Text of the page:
* Q1 underlying EBIT 247 mln euros vs average forecast of
213 mln euros
* Brazil's underlying EBIT loss 17 mln euros vs year ago
loss of 122 mln
* Net debt 4.5 bln euros at end-Dec vs 5 bln at
* Shares rise 4 percent to top of DAX index
By Maria Sheahan
FRANKFURT, Feb 14 ThyssenKrupp posted
a better than expected quarterly operating profit on Friday, as
it reined in losses at its steel mill in Brazil and also
benefited from robust demand for cement and petrochemical
Its net loss for the fiscal first quarter through December
widened on one-off charges related to the sale of a stake in
Finnish steelmaker Outokumpu, but ThyssenKrupp said
it still aimed to approach break-even this year.
Shares in ThyssenKrupp were up 3.9 percent at 20.46 euros by
1037 GMT, making them the top gainer on Germany's blue-chip DAX
index, which was up 0.5 percent.
ThyssenKrupp has been trying to return to long-term
profitability by investing in services and engineering
businesses and reducing its dependence on the volatile steel
It already generates more than 70 percent of sales from
industrial businesses making products ranging from car parts to
elevators, submarines and fertiliser plants, compared with less
than 60 percent when Chief Executive Heinrich Hiesinger took the
helm three years ago.
But Hiesinger's turnaround efforts at ThyssenKrupp have been
besieged by setbacks. The company has posted three straight
years of losses, its deteriorating finances forced it to ask
shareholders for cash, major deals have been only partly
successful, and compliance issues have emerged that have been
both costly and embarrassing.
After repeatedly extending the deadline to find a buyer for
ThyssenKrupp's Steel Americas business, Hiesinger was able to
sell only half of it, a processing plant in the U.S. state of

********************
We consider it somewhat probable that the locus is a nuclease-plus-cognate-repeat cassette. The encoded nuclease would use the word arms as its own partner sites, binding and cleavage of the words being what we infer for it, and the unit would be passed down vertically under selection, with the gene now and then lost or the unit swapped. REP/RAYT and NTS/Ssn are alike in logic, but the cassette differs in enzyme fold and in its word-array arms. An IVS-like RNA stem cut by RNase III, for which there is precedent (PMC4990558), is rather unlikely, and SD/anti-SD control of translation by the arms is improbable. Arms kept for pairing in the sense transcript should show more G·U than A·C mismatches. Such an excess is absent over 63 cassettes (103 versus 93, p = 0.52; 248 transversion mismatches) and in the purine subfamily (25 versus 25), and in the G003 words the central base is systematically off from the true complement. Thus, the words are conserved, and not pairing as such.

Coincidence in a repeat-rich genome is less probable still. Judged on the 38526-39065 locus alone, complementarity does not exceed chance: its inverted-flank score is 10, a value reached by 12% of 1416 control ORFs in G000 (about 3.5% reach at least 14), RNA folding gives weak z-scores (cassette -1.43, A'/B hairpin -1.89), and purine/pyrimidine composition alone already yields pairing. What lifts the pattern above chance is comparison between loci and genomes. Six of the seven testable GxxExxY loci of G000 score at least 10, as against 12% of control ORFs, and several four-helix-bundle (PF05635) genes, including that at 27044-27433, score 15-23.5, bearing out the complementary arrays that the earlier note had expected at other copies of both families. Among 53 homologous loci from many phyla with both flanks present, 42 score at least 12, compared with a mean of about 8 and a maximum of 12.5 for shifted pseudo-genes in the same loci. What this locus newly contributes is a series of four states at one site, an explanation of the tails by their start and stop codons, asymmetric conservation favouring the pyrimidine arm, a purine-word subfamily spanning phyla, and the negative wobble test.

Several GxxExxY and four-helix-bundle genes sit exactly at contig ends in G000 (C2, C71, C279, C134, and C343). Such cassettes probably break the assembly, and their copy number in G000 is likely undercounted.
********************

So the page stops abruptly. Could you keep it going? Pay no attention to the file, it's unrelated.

Alabama, leaving it with the loss-making mill in Brazil.
He also unexpectedly announced in November that ThyssenKrupp
would have to take back parts of stainless steel business
Inoxum, which it had sold to Outokumpu almost a year earlier.
As part of the deal, ThyssenKrupp sold its 30 percent
shareholding in Outokumpu at a steep discount, resulting in
charges that widened the German group's first-quarter net loss
to 69 million euros from a year-earlier 16 million.
First-quarter adjusted earnings before interest and tax
(EBIT) more than doubled to 247 million euros ($337.6 million),
beating even the most optimistic estimate in a Reuters poll of
The adjusted EBIT margin widened to 2.7 percent from 1.2
percent as ThyssenKrupp made more money from powertrain and
chassis sales to carmakers and saw continued demand for cement
and petrochemical plants.
Earnings at its steel businesses meanwhile remained
depressed, with losses in Brazil shrinking but not turning to
profits yet and low steel prices weighing on earnings in Europe.
"We are seeing demand in southern and eastern Europe
improve, especially in the automotive industry ... but there is
still high pressure on prices," finance chief Guido Kerkhoff
told reporters in a conference call following the results.
Eventually ThyssenKrupp is expected to have another go at
selling the Steel Americas mill in Brazil and the assets it took
back from Outokumpu - the Terni steel plant in Italy and the VDM
alloy unit - but it has some restructuring to do especially in
Brazil and at Terni before any buyer will agree to a deal.
ThyssenKrupp affirmed an outlook for group sales to grow by
a medium single-digit percentage in its full fiscal year through
the end of September, while adjusted EBIT will jump to about 1
billion euros from 599 million and further improve in 2014/15.
"After 247 million euros in the first quarter, the is a
chance that EBIT can exceed the current consensus," Baader Bank
analyst Christian Obst said. Reuters consensus for full-year
adjusted EBIT is 1.04 billion euros.
Proceeds from the sale of the Alabama plant should further
reduce net debt from 4.5 billion euros at the end of December,